Kratom pills
Kratom may not be as effective at treating opioid addiction as health providers had hoped. Photo: Wikimedia Commons

The U.S. Food and Drug Administration says a popular alternative to opiates poses its own risks — including addiction and even death.


On Tuesday, the FDA issued a warning against using kratom, an herb from Southeast Asia known for its ability to bind to the same opiate receptors as morphine.


“At a time when we have hit a critical point in the opioid epidemic,” the FDA statement said in a statement. “The increasing use of kratom as an alternative or adjunct to opioid use is extremely concerning.”


Kratom is often touted as an up-and-coming alternative to painkillers and as a way to treat opiate withdrawals, but using it recreationally has resulted in 36 deaths and increasing calls to poison control centers.


“While we remain open to the potential medicinal uses of kratom, those uses must be backed by sound science and weighed appropriately against the potential for abuse,” the FDA continued in its warning.


Side effects of kratom

Users of kratom can experience withdrawal symptoms, along with seizures and liver damage. These side effects — and the threat of death — led the U.S. Drug Enforcement Agency to classify kratom as a Schedule I drug, meaning it can’t be used in medical research. The DEA later put the decision on hold, but the FDA’s warning means that might change soon.

Quality is also a concern, according to FDA, since many of the shipments come from overseas with potentially dangerous chemicals added.

“Patients addicted to opioids are using kratom without dependable instructions for use and more importantly, without consultation with a licensed health care provider about the product’s dangers, potential side effects or interactions with other drugs,” FDA Commissioner Scott Gottlieb wrote in the warning.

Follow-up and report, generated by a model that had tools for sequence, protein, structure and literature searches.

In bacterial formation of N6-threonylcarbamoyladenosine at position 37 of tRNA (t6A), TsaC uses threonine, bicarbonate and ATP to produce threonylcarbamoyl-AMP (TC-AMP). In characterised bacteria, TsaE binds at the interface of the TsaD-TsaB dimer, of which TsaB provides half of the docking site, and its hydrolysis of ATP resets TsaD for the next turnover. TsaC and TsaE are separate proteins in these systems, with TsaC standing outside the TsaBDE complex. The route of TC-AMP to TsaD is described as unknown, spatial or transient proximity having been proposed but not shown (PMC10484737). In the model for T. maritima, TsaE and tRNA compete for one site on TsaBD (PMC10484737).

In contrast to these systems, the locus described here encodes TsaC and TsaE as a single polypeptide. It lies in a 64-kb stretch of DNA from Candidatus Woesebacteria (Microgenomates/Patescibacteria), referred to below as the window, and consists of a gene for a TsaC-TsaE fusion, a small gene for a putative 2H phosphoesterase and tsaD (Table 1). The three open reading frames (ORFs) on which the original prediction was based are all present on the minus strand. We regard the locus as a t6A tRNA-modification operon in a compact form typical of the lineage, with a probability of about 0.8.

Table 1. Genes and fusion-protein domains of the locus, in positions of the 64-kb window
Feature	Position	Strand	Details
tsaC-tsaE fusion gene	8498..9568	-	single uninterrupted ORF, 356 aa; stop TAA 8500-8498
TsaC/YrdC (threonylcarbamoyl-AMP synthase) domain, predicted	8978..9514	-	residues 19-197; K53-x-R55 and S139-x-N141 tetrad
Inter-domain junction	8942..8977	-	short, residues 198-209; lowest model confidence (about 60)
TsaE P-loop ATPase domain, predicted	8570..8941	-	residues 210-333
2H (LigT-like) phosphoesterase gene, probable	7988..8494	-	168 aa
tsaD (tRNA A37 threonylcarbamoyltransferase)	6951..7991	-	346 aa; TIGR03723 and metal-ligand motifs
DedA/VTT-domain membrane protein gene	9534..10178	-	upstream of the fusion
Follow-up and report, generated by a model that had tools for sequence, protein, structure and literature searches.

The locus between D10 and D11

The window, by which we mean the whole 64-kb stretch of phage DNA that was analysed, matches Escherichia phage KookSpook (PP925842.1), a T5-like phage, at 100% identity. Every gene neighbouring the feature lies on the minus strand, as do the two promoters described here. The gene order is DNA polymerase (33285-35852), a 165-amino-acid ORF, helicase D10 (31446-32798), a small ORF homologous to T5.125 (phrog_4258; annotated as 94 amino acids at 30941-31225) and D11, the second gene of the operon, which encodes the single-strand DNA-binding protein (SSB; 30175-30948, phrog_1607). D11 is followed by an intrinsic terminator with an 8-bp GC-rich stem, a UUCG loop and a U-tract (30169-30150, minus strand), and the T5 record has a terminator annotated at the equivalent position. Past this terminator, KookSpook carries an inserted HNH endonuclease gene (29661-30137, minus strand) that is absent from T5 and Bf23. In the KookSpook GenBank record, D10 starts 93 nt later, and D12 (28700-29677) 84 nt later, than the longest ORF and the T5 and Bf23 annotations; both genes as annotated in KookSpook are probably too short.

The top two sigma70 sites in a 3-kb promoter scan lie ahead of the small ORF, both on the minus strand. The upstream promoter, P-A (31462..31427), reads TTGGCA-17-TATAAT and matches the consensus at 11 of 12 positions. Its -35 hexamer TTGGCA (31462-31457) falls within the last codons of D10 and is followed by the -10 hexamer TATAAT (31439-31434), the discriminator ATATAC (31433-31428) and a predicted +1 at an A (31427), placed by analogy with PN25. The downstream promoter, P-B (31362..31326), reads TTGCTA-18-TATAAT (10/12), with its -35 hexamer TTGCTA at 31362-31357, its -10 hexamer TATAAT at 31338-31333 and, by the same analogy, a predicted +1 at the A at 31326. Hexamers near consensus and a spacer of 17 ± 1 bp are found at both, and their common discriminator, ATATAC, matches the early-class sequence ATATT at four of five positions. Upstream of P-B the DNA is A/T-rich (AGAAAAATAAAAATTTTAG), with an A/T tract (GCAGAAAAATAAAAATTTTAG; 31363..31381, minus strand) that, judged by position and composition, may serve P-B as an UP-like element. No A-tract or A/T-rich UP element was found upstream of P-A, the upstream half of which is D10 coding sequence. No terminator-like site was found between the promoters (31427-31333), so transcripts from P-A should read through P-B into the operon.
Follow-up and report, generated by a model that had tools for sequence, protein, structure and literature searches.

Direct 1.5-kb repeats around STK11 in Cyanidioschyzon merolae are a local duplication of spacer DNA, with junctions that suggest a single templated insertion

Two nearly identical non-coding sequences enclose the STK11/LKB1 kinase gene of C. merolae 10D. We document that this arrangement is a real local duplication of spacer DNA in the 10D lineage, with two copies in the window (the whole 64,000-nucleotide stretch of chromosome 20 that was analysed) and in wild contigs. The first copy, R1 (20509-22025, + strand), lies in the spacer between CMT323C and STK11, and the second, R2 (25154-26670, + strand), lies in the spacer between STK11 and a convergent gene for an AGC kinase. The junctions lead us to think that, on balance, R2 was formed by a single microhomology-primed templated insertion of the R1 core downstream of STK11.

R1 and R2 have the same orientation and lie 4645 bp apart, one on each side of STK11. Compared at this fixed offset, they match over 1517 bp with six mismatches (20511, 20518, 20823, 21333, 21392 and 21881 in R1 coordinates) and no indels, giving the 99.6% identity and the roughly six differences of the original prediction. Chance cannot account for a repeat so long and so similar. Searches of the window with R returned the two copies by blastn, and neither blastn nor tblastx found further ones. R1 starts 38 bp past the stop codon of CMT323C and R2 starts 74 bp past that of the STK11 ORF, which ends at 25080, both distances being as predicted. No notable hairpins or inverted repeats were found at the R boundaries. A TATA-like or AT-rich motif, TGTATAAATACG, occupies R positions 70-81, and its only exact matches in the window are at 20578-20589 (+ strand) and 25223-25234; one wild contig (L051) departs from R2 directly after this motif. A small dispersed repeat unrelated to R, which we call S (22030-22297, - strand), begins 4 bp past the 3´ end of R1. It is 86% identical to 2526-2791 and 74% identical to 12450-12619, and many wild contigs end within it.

However, the American Kratom Association said the FDA’s report contained "numerous unsubstantiated and inaccurate statements"  — and that kratom is as dangerous as other stimulant, but legal, substances.

“Although the primary alkaloids of kratom, MG and 7-OH-MG, may demonstrate some characteristics considered for controlled substance scheduling, as do many other products including caffeine, nicotine, some antihistamines, and alcohol, despite decades of widespread consumption, there does not appear to be a public health risk that would warrant their scheduling,” the AKA wrote.

The FDA plans to prevent new shipments of kratom from entering the United States — and hundreds of packages have already been stopped before reaching the country. Changing that, the agency says, will require kratom companies to prove its effectivness through clinical testing and research.

But the AKA says the evidence is already there — and the FDA is willfully ignoring it.

“The substantial gap between the publicly available evidence showing the safety of kratom, and the secretive and unsubstantiated conclusions of the FDA staff are, on their face, irreconcilable and arbitrary,” the organization wrote. “This transparent bias raises serious and legitimate questions about the validity of [the FDA’s] data.”